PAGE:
There’s nothing keeping you from embracing today today, from jumping in now, because so many people are still going to want to hide, and if you start building now, I promise you’ll get there.

Fear.less this month

Ishita and Clay’s second edition of Fear.Less came out yesterday.  Inspiration, love, passion, beauty, delivered to you by email for free, once a month, no strings attached.

Read it because you want to be inspired.

Read it because you know, in your heart, that it’s time to lead.

Read it because you know that the voice inside your head, the one that tells you you can’t, is just plain wrong.

Read it because this is what magazines will look like in 10 years (or maybe 5, or maybe 2).

Read it because it helps to be reminded, by conductor Ben Zander, not to look for courage, but to look for love.

Read it because Suzanne Matthiessen is right, we do have a huge amount of control over what we feel.

Read it because it’s motivating to watch Chris Guillebeau live his dream of a different life in which he travels the world and tells stories.

Read it because author Julia Cameron, who has written more than 21 books, speaks from a place of authenticity when she says that she’s come to see fear as a companion.

Read it to because documentary photographer Platon gets right to the heart of the role his own authenticity plays in taking portraits.

Read it because Immaculee Ilibagiza, who hid for 91 days in a bathroom during the Rwandan genocide, has something to teach all of us about fear, faith, and forgiveness.

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Work like a freelancer

Twice in the last 24 hours I’ve come across two glimpses into the life of the freelancer / writer that struck a chord.  Chris Guillebeau, who is the author of an inspiring and useful manifesto called 279 Days to Overnight Success also sends out a weekly newsletter called “The Art of Nonconformity [AONC].”  From his last newsletter, about the life of a freelancer:

It’s always fun to go on vacation as a self-employed person because a) you still have to work, and b) no one thinks you do any work to begin with.  So then when you go on vacation they say, oh, must be nice that you don’t have a job and can do that.  Meanwhile on vacation I work six hours a day instead of ten.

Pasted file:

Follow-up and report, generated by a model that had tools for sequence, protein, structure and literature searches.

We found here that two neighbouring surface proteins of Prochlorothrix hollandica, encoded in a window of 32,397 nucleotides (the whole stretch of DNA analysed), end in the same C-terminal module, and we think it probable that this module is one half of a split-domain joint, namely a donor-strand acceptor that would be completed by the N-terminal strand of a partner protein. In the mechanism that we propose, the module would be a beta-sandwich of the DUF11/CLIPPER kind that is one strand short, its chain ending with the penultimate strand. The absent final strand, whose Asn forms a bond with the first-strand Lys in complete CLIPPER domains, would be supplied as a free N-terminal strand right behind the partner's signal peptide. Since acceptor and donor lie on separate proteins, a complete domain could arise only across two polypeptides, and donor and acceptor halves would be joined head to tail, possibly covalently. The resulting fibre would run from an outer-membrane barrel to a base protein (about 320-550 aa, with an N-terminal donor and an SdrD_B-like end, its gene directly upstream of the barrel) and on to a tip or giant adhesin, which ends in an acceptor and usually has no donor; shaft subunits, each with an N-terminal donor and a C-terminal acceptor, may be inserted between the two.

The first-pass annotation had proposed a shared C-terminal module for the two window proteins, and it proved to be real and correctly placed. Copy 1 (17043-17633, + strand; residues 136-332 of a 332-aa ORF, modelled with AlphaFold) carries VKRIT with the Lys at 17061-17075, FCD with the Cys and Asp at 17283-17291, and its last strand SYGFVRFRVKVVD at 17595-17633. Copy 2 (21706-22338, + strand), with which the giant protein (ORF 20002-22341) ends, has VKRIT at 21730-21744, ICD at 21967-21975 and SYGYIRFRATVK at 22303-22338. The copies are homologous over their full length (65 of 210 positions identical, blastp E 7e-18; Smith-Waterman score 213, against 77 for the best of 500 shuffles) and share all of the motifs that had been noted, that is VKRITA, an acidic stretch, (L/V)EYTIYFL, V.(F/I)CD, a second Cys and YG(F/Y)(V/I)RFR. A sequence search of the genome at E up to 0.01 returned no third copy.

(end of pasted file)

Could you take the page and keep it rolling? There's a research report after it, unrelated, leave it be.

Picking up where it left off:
And then I came across this passage in Anne Lamott’s “Bird by Bird, Some Instructions on Writing and Life”:

Every morning, no matter how late he had been up, my father rose at 5:30, went to his study, wrote for a couple of hours, made us all breakfast, read the paper with my mother, and then went back to work for the rest of the morning.  Many years passed before I realized that he did this by choice, for a living, and that he was not unemployed or mentally ill.  I wanted him to have a regular job where he put on a necktie and went off somewhere with the other fathers and sat in a little office and smoked.  But the idea of spending entire days doing someone else’s work did not suit my father’s soul.  I think it would have killed him.  He did end up dying rather early, in his mid-fifties, but at least he had lived on his own terms.

And my reflection is this: life, especially professional life, is becoming much more like freelancing.  The most important decisions we make every day – even if we have “regular jobs” – are how to spend our time, defining what success looks like for ourselves and for our customers, and figuring out who our customers are and how best to serve them.  This is where we all have the most leverage, and it’s a shift that’s happened in this last decade as markets have fragmented, costs of production have plummeted, and networks have become ubiquitous.  And it means that we all are, to a greater or lesser extent, a lot more like freelancers than ever before – and if we’re not acting and thinking like freelancers we’re missing an opportunity.

It’s easy to romanticize the life of a writer or a freelancer – in reality, as Chris reminds us, it’s hard and uncertain because you have to have the discipline to decide how to spend your time and to create the structure you need to produce your work (your art).

But what’s deceptive about “regular jobs” is that it’s incredibly easy to fool yourself into thinking that these aren’t your choices to make – because you have a full inbox and lots of meetings to go to and a boss telling you what you have to get done and when.

The moment you start looking at the 24 hours in your day and how you’re going to spend them, the moment you open the door to the possibility that you could wake up at 5:30am to do what you do best – whether blogging or writing or learning a new craft (or programming language or computer software or foreign language), or just going above and beyond for the job that you already do and love – is the moment you open the door to real possibility.